THE US GAS SCENE
The Effect of High Gas Prices. High gas prices are having considerably different
effects on demand in North America and Europe. In the United States, high prices haveled to a significant revision of demand forecasts, with serious implications for futureLNG imports. The effects in Europe, although clearly present, are far more attenuated.The differences lie in a combination of demand and supply factors. High prices in theUnited States have prompted higher investment in domestic gas resources. High pricesalso make coal more attractive than gas in the United States as a fuel for thermal powerstations. These two factors distinguish North American gas markets significantly from
Europe: The European gas market area that is addressed in this paper, can only in a verylimited way respond to high gas prices by accelerating the development of indigenousresources, and Europeans pay roughly twice as much for coal as in the United States.
Gas Demand. The EIA has recently published a new base case for future gasdemand in the United States4. The new base case shows gas demand increasing at a rateof 1.7% through 2015, from 615 Bcm to 717 Bcm. Two years ago we discussed thesuccessive postponement of gas demand forecasts by the EIA5. We noted that gas demandhad stagnated in the United States since the onset of high gas prices, and that it seemedunreasonable to predict such large future increases in demand. We had referred to thedemand forecasts as the planned trajectory of an airplane about to take off, but each year
4 Annual Energy Outlook 2007/ Reference Case, Energy Information Administration, US Department ofEnergy (15th December 2006).
5 Frisch, M., Carpenter, P. and Lapuerta, C., The Advent of US Gas Demand Destruction and its Likely
Consequences for the Pricing of Future European Gas Supplies, paper presented at the GasTech 2005conference, Bilbao, Spain, 16 March 2005.
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its takeoff seemed to be postponed. We produced a figure showing the successiveforecasts from 2001 to 2005. We now reproduce the figure, with the last two years
2006 forecast now
postponed until 2018
Figure 1: EIA Gas Demand Forecasts
The new 2007 base case confirms our previous concerns. The contrast with the 2000
EIA forecast is remarkable. As we suspected, demand has continued to stagnate. In early2001, the forecast was for growth of 105 Bcm by 2006. None of that growth hasmaterialized. Actual consumption in 2006 was even less than in 2000.6 Growth has beenzero. The most recent forecast shows that the previous target for 2006 has now been
pushed out to 2018. What was supposed to happen in six years will now take a totaleighteen years to materialize.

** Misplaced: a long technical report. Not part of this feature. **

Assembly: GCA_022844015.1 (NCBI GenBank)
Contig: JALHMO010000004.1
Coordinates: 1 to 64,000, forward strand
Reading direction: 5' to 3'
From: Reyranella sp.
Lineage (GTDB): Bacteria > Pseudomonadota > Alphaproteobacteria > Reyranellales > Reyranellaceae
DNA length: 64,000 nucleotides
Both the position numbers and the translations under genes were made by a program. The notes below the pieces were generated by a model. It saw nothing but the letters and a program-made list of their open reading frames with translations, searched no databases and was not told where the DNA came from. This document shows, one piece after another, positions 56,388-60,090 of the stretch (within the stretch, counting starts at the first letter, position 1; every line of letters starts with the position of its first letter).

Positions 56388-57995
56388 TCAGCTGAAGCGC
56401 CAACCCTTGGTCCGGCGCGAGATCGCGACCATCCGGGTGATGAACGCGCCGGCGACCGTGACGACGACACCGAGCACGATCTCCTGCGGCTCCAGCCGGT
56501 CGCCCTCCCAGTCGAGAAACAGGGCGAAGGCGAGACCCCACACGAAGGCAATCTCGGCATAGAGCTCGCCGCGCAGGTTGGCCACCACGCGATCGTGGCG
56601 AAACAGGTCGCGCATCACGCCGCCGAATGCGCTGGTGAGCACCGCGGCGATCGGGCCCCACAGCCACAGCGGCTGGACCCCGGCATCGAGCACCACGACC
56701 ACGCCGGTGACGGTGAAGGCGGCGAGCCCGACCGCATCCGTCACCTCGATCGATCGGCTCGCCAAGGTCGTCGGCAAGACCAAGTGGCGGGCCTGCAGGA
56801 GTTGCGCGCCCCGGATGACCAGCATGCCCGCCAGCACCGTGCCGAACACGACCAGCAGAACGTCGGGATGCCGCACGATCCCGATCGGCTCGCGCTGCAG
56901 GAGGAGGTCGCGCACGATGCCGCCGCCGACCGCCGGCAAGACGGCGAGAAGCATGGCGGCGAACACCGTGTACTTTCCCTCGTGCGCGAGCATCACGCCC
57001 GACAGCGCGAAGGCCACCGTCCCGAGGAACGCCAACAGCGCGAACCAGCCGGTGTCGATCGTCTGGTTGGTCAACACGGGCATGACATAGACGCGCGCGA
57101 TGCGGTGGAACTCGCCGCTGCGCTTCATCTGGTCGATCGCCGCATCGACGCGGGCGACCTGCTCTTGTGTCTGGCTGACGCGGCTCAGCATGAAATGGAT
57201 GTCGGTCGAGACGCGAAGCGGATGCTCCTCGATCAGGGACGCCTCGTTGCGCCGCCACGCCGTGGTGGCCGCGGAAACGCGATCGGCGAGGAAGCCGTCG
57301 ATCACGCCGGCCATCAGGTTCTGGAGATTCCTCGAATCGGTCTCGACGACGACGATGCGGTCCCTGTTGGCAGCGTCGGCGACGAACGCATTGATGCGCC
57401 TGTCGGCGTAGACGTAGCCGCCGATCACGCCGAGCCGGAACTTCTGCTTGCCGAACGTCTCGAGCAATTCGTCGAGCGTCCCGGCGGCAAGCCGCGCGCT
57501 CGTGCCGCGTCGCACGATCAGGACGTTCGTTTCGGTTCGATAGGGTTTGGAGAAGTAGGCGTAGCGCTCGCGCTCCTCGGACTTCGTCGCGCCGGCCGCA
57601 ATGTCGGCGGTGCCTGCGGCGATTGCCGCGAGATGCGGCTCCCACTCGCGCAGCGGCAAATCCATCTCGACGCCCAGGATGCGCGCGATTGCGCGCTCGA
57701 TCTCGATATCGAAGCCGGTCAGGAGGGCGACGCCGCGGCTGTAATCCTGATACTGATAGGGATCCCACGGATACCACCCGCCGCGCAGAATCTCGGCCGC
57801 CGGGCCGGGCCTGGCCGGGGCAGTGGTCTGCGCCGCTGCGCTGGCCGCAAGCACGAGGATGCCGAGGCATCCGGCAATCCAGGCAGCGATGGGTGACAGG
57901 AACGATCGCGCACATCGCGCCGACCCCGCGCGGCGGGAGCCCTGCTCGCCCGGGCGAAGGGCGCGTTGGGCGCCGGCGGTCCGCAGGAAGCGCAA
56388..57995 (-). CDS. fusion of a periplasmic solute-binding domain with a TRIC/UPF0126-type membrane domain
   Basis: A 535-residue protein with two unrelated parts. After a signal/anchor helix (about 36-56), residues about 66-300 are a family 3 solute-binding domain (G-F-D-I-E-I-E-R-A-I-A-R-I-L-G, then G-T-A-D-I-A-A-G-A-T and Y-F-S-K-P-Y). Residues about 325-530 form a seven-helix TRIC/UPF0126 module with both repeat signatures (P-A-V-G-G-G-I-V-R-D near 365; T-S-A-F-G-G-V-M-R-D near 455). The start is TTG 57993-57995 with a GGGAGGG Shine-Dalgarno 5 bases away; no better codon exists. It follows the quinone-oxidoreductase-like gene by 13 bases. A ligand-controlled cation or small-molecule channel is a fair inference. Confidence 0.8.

The forecasts for 2015 have been slashed by even more. The 2001 forecasts
anticipated a total of 895 Bcm by 2015, while the new forecast is for only 717. The dropof 178 Bcm approximates thecurrent total consumption of the United Kingdom and Italycombined, which are two of the largest national markets in Europe.
6 The EIA has estimated that US gas consumption in 2006 was 615 Bcm. In 2000 it was 660.
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Forecast for 2015
Figure 2: Reduction in EIA Gas Demand Forecasts for 2015
The US power sector is responsible for much of the change in forecast demand. In2001, increased demand from the power sector was forecast to drive roughly threequarters of the total growth by 2015. The 2007 forecast now shows that there will be no
net growth in gas demand from the power sector in the long run. In 2030, the UnitedStates power sector is anticipated to consume 209 Bcm of gas, which is virtually
unchanged from the 208 Bcm consumed last year.
The new forecast has reached levels that we find credible. It is difficult to foresee anylong-term increase in consumption of natural gas by the power sector, when the average
price of coal is so low. Although there is an international market price for coal, it appliesonly to a few geographic areas in the United States that must import coal from overseasdue to the lack of available local resources. Many power companies in the United Statesare located in areas with abundant coal reserves, where local market prices liesignificantly below international levels.
The Department of Energy provides information concerning the average cost paid for
coal in each state of the United States.7
The most recent data confirm the effect ofproximity to coal reserves. Wyoming is the center of the Powder River Basin, which hasthe cheapest coal reserves in the United States. The basin is characterized by deep coalseams with minimal overburden, making the coal extremely economic to mine using
surface methods. The coal is naturally low in sulphur. The Department of Energy showsthat the average price of coal produced in Wyoming was $7.71 per ton in 2005. The price
paid for coal tends to increase in the United States heading from Wyoming to the southand east, due to the costs of railroad transportation. Texas is a relatively distant state,which nevertheless has imported substantial volumes of coal from the Powder RiverBasin. The average price paid for coal produced in Texas was $17.39 in 2005. The
7 Energy Information Administration, Average Open Market Sales Price of Coal by State and Mine Type:2005, 2004.
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differential relative to Wyoming reflects the rough magnitude of rail costs. The costs ofPowder River Basin coal plus rail costs places a competitive constraint on the prices paid
for coal produced in Texas. Similar factors affect the price of coal sold in states as far eastas Illinois, Indiana and western Kentucky.8 The average coal price across the UnitedStates was only $24/ton.